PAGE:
5 Things You Might Not Know About Moderna

Mandatory Credit: Photo by Debbie Hill/UPI/Shutterstock (12627082a)A medic from Israel's Magen David Adam emergency agency holds a vial of the Moderna COVID-19 vaccine at the Lamed Hei Checkpoint, located between Gush Etzion and Beit Shemesh, on Monday, March 8, 2021.
Debbie Hill/UPI/Shutterstock / Shutterstock.com

For the average person, the first time the biotech startup Moderna landed on their radar was last year, as the company became a leading contender in the production of COVID-19 vaccines. In November 2020, the results of clinical trials revealed that the Moderna vaccine was 94.1% effective in Phase 3 trials and vaccine rollout for older adults began in December. Moderna focuses primarily on messenger RNA (mRNA) therapeutics. mRNA transports genetic information from DNA to other parts of the cell, making it the perfect modality to deliver anything from vaccines to drugs into the body at a highly efficient level, according to Biospace.

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Though Moderna has become as notable as much older companies like Pfizer and Johnson & Johnson that are also making COVID-19 vaccines, Moderna is relatively young, having started up in 2015.

In less than seven years, the biotech company has put itself on the map and will continue to be a player in the vaccine game into the future. Here are five facts about the company you may not know.

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Moderna Raised a Record-Breaking Amount of Startup Cash

In 2015, Moderna secured a record-breaking $450 million in startup funding, in addition to $340 million in upfront payments from other biopharmaceutical companies AstraZeneca ($240 million) and Alexion ($100 million), according to Business Insider. Total startup cash raised equaled about $950 million. Everyone was banking on the promise of mRNA technologies as the next big thing to treat disease. At the time, they could not have known that this technology would be put in use so soon for a global pandemic.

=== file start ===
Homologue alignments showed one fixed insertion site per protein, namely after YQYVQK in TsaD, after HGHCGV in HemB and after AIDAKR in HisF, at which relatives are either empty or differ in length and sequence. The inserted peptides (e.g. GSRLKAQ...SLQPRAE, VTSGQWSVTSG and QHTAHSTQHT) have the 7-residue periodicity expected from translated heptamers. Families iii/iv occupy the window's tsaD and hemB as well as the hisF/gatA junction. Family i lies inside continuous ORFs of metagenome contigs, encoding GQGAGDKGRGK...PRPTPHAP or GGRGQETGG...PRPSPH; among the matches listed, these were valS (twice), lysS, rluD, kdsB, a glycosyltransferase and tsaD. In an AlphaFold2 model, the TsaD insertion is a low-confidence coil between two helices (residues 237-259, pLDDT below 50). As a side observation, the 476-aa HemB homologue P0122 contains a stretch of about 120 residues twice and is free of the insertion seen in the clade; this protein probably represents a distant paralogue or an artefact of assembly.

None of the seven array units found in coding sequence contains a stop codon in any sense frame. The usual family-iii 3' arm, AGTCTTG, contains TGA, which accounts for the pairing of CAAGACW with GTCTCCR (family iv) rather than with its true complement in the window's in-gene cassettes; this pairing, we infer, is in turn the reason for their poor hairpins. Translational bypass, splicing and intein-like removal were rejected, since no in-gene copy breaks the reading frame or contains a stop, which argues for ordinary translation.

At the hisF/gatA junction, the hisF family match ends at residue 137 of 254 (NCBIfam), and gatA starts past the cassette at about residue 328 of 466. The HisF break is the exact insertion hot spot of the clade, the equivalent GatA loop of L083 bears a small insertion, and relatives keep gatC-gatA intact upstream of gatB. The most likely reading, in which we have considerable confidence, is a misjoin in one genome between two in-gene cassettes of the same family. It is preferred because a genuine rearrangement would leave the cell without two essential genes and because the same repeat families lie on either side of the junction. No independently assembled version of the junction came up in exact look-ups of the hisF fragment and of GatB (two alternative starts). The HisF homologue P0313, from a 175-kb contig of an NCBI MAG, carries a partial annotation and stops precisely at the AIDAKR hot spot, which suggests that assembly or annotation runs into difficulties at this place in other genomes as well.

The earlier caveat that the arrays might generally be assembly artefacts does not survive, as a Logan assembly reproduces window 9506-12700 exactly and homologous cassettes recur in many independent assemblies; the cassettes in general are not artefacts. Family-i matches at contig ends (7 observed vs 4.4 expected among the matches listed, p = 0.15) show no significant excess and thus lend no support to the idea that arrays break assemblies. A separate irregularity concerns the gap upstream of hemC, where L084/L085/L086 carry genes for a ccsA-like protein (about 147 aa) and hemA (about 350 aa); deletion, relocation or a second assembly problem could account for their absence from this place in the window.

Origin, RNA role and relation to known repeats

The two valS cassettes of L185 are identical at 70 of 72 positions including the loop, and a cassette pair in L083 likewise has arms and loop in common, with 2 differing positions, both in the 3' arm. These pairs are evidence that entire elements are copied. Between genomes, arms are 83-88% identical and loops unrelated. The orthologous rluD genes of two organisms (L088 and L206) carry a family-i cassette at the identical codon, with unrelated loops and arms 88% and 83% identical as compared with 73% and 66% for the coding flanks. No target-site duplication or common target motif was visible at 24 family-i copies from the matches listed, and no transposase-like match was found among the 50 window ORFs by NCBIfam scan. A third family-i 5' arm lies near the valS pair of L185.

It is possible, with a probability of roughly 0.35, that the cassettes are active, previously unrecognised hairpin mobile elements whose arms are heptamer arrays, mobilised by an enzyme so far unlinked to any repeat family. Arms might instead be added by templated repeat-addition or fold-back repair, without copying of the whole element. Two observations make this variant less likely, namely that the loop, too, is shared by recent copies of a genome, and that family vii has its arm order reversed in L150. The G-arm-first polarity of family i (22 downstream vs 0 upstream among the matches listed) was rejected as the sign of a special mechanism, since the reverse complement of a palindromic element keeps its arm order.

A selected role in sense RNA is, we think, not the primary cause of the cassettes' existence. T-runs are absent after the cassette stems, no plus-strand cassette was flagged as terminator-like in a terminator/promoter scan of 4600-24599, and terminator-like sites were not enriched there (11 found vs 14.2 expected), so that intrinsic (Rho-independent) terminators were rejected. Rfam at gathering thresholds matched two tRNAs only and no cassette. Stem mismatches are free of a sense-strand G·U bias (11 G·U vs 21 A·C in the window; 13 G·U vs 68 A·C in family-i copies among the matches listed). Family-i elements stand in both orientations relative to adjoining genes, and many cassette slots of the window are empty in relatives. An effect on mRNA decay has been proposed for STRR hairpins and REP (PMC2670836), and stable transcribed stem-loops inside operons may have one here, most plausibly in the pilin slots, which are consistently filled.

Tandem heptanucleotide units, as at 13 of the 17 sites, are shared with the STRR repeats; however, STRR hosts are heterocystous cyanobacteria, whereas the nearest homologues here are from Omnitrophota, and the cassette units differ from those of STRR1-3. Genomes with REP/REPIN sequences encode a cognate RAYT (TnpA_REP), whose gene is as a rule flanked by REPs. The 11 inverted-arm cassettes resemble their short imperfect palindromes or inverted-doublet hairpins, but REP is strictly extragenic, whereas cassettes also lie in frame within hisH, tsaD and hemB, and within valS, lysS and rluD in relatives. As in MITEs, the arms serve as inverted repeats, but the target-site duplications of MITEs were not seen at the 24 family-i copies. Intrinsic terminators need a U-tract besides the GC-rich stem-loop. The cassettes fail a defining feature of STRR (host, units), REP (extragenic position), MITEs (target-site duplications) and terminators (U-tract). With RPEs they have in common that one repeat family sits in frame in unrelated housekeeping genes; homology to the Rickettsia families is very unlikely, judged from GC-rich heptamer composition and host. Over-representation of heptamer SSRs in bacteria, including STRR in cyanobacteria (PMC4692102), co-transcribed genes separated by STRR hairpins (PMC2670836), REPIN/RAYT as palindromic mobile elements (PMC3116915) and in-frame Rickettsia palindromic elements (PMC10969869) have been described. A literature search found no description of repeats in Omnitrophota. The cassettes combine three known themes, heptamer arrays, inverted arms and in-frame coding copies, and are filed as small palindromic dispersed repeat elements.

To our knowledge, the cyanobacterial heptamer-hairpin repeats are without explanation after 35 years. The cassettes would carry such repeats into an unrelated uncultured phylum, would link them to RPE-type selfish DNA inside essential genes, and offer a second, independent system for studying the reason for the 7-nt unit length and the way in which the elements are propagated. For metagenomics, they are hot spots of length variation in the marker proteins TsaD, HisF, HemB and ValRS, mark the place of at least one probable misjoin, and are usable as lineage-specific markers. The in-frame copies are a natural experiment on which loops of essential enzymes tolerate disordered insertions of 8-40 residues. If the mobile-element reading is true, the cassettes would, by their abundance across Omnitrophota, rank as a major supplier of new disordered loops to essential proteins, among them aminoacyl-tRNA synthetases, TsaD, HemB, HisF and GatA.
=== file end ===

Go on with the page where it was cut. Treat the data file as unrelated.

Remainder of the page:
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Moderna Also Broke the Record for a Biotech IPO

Record breaking is kind of Moderna’s thing. In 2018, just three years after it had raised its astonishing startup funds, Moderna’s initial public offering — where people can buy shares of the company and the company earns a symbol on the stock exchanges (MRNA in this case) — the company offered about 26.3 million shares at $23 per share. Trading on the Nasdaq, the company’s value was estimated at about $7.5 billion before it ever produced a single product. At the time of this article, Moderna stock was valued at about $130 per share.

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Moderna Will Focus On Epidemics

According to a statement put out to investors, Moderna stated that going forward, it will be focused on developing vaccines not only for common diseases but for those that are “threats to global public health” with a focus on epidemic and pandemic diseases where funding typically comes from governments and nonprofit organizations.

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It Plans To Produce 1.4 Billion Doses of COVID-19 Vaccine in 2022

Though vaccines will slow the roll of the coronavirus, scientists warn it is probably here to stay in a milder version, much the same way as influenza rears its head every year. The company plans to produce even more doses of the vaccine for 2022 to help keep the pandemic under control.

Moderna Is Running Multiple Clinical Trials

Though the COVID-19 vaccine is taking center stage, Moderna is undergoing numerous clinical trials for other products, including eight vaccines, among them cancer vaccines that both prevent and treat cancer and a Zika virus vaccine. The company is also working on therapeutics for such issues as heart failure and Chikungunya, another mosquito-borne virus.

This may be the first look you’ve taken inside Moderna, but it will hardly be the last as the company continues to make its mark on the world of vaccines.

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About the Author

Jordan Rosenfeld is a freelance writer and author of nine books. She holds a B.A. from Sonoma State University and an MFA from Bennington College. Her articles and essays about finances and other topics has appeared in a wide range of publications and clients, including The Atlantic, The Billfold, Good Magazine, GoBanking Rates, Daily Worth, Quartz, Medical Economics, The New York Times, Ozy, Paypal, The Washington Post and for numerous business clients. As someone who had to learn many of her lessons about money the hard way, she enjoys writing about personal finance to empower and educate people on how to make the most of what they have and live a better quality of life.

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